While I would have loved being able to protect every valuable prospect, I thought the Yankees did a very good job covering the best of the best. Project Next Dynasty continues on its very very bright and positive path. We are now accepting applications for Bandwagon Fans. Go Yankees!
The First Round continues…
Brian Cashman, the general manager currently working on a handshake deal with Yankees Managing General Partner Hal Steinbrenner, was burning the weekend oil yesterday.
After interviewing Hensley Meulens and Aaron Boone over the previous two days, Los Angeles Dodgers third base coach Chris Woodward was in town to meet with Cash on Saturday. I don’t know Woodward and perhaps he may be a wonderful manager one day, but I don’t think he’s the right guy for the job right now. In his post-interview comments, he talked much about what Dave Roberts did. I am less concerned about what Roberts did and more concerned about what Woodward would do. I don’t want Dave Roberts 2.0. Roberts did an outstanding job, but the new Yankees manager needs to be his own man. I know that Roberts name came up because the questions were asked about how Woodward gained insight working with the man who led the Dodgers to the doorstep of a World Series championship this year. But I really want a manager who is strong and confident in his own words and style. I thought Aaron Boone did a better job addressing the media despite the lack of any coaching experience.
It is well known the Yankees want a manager who will accept analytics and input from the front office. When Woodward was asked about analytics, he responded, “As a coach, it took the progression from Seattle to L.A. for me to understand the benefit of it.” That tells me he didn’t come to fully appreciate analytics until the last two years considering he joined the Dodgers on December 17, 2015.
Maybe I am overly negative about Woodward because I do not really know anything about him. I wasn’t in the room when he talked with Cashman, but he’s probably the least preferred (for me) of the candidates interviewed. I’d rank the candidates, based solely on those who have interviewed, in this order:
- Hensley Meulens
- Aaron Boone
- Rob Thomson
- Eric Wedge
- Chris Woodward
Here is my order for preferred bench coaches:
YANKEES BENCH COACH
- Al Pedrique
- Eric Wedge
- Rob Thomson
- Jay Bell
- A name that has not expressed interest in coaching or managing…Jorge Posada (if he did have interest, I’d move Hip-Hip-Jorge further up the list)
I feel strongly that Pedrique needs to be part of the 2018 coaching staff. He knows the young Baby Bombers better than anyone. There is no one that has the same level of relationships that he’s built with Aaron Judge, Gary Sanchez, Clint Frazier, Jordan Montgomery, Gleyber Torres, Greg Bird, Chance Adams and others. He is credited for believing in a smallish-16 year old Jose Altuve when no one else would. After many other teams, including the Yankees, passed on Altuve for being too small, Pedrique talked the Houston Astros into giving the 2017 AL MVP and World Series Champion $15,000 to sign. That might be the best $15,000 ever spent in Major League Baseball, at least in modern times. Pedrique was able to see beyond the physical size to view the talent and the heart of the player.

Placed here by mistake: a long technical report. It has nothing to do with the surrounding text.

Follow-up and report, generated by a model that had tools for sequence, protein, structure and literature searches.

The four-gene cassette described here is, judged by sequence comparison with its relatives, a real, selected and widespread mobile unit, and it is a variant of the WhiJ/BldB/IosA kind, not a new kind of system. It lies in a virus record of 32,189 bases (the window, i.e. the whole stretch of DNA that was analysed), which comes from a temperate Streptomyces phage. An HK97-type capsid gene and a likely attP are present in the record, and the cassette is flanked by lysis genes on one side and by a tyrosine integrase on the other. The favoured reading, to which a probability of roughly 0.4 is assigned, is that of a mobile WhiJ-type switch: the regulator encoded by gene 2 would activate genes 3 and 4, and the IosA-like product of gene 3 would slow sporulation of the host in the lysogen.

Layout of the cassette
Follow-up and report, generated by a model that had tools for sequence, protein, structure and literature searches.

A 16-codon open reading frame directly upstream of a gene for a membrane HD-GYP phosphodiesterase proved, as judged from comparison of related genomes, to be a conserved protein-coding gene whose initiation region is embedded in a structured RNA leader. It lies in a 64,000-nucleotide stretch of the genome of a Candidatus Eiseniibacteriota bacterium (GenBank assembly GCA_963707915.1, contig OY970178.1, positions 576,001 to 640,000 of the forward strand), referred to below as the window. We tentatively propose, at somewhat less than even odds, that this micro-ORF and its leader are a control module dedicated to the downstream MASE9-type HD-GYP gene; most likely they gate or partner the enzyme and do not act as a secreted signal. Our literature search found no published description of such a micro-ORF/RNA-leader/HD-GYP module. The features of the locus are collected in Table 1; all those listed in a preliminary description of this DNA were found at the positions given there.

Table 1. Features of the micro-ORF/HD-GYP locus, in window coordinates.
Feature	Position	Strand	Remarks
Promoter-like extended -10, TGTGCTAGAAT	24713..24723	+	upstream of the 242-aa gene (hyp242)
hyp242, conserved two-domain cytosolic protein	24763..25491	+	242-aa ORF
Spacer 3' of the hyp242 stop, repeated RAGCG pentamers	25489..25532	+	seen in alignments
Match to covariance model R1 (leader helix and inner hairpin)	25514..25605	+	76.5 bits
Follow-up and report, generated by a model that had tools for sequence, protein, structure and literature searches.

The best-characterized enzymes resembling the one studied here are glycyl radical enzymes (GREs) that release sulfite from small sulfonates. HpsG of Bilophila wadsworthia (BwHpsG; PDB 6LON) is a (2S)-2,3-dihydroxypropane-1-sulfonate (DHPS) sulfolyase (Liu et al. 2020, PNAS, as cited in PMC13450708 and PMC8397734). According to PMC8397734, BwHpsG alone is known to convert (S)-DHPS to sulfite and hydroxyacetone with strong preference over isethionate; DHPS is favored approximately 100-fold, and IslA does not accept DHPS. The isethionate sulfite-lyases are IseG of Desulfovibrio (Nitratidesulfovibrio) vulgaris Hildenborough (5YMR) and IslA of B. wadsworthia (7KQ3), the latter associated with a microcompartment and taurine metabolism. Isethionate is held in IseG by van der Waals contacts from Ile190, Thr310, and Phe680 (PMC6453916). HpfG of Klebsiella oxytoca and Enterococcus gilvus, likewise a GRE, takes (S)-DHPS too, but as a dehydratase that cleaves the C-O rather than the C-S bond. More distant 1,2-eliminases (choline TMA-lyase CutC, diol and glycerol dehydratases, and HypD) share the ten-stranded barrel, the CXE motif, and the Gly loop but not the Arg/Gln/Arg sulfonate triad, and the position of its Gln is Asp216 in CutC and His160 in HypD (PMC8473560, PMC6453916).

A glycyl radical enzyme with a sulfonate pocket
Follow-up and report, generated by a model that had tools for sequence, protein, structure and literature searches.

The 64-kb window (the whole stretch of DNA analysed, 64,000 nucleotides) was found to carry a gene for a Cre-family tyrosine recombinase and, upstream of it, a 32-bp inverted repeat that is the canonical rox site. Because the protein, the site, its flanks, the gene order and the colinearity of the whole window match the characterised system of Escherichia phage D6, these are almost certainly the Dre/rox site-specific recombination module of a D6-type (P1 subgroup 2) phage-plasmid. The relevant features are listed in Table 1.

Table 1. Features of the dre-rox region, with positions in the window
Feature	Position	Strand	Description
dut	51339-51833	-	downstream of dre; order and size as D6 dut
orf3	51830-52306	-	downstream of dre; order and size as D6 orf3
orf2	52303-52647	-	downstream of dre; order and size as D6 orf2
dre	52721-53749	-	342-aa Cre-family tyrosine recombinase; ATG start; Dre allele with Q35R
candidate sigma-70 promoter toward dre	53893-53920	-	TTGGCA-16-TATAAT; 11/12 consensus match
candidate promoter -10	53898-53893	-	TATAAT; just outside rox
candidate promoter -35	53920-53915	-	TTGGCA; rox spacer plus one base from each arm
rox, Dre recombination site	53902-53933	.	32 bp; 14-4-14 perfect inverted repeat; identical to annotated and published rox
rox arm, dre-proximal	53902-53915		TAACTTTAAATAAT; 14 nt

|Credit: Cheryl Pursell, via Pinstriped Prospects|
I had to put Posada’s name on the list. I miss the guy’s passion and intensity. When he’s on the field, there’s probably not too many guys that want to win more.
You may have different thoughts but that’s fine. No one said that we had to agree.
No word if the Yankees will continue to interview more guys before moving on to Round 2. I had expected Jerry Hairston, Jr to talk but there have not been any indications he will. Brad Ausmus has made it known that he wants to take a year off before resuming his managerial career. He was interested in the Red Sox job only because it was close to his home in Cape Cod and he grew up as a Red Sox fan. Aside from the Red Sox, Ausmus wants to devote the next year to his family. You can’t blame him for his priorities. I thought maybe the Yankees should interview Pittsburgh Pirates coach Joey Cora so that the Red Sox-Yankees Wars could be the Battle of the Cora Brothers. Okay, I am just kidding on that one. For the reasons I cite Pedrique as the preferred bench coach, I believe he should be afforded the opportunity to interview for the managing job.
We’ll see. The process continues and should gain better clarity over the next days and weeks as we move forward.
Making Room on the 40-Man…
Monday, November 20th is a big day for the Yankees. The 40-man roster of record for Rule 5 eligibility must be set by 7 pm Central Time. The Yankees had previously moved outfielder Jake Cave and reliever Nick Rumbelow to the 40-man roster, which left two spots open. With big names like Gleyber Torres, Albert Abreu and Billy McKinney, among others, that need to be protected, something has to give on the 40-man roster.
On Saturday, the first move was made when the Yankees sent Rumbelow to the Seattle Mariners for two lower level prospects…LHP J.P. Sears and RHP Juan Then. Sears, 21, was an 11th round selection in the 2017 MLB Draft. Then, 17, was an international signing for $77,500 in 2016 out of the Dominican Republic.
John Patrick Sears pitched at Class A level after his draft selection last year. A reliever, he pitched a total of 27.2 innings for two teams. In 17 games, he struck out 51 batters while walking only 12. His ERA was a combined 0.65, but he did not give up any earned runs when he moved from Short Season-A Everett to Full Season-A Clinton (10 innings of work). He is “Sonny Gray-sized”…alright, an inch taller (5’11”). According to Baseball America, he works in the 88-92 mph range with a high spin fastball and uses deception from a low delivery slot.
|Credit: Citadel Athletics|
Juan Then (man, did the ‘now and then’ jokes start popping up on Twitter) is obviously still very young (and raw). He carries high upside and projects as a mid-rotation starter. Then pitched rookie level ball in the Dominican Summer League and was 2-2, 2.64 ERA in 61.1 innings. He struck out 56 batters. His fastball sat in the 90-92 mph range, and he also worked with a couple of offspeed pitches.
It’s tough to see a Major League-ready arm depart for future hopefuls, but it is the price that must be paid when you own one of the best farm systems in baseball. The Yankees will lose quality talent through Rule 5 but moves like this help protect more players. Last year was tough when the Yankees lost young catching prospect Luis Torrens who stuck on the San Diego Padres’ roster all season. I expect this year to be no different. For Rumbelow, he’s 26 and will have a much clearer shot at making a 2018 opening day roster with an opportunity to join the Mariners bullpen already stocked with former Yankees David Phelps and James Pazos.
I wonder if Brian Cashman is working today. Stupid question, I know he is. Go Yankees!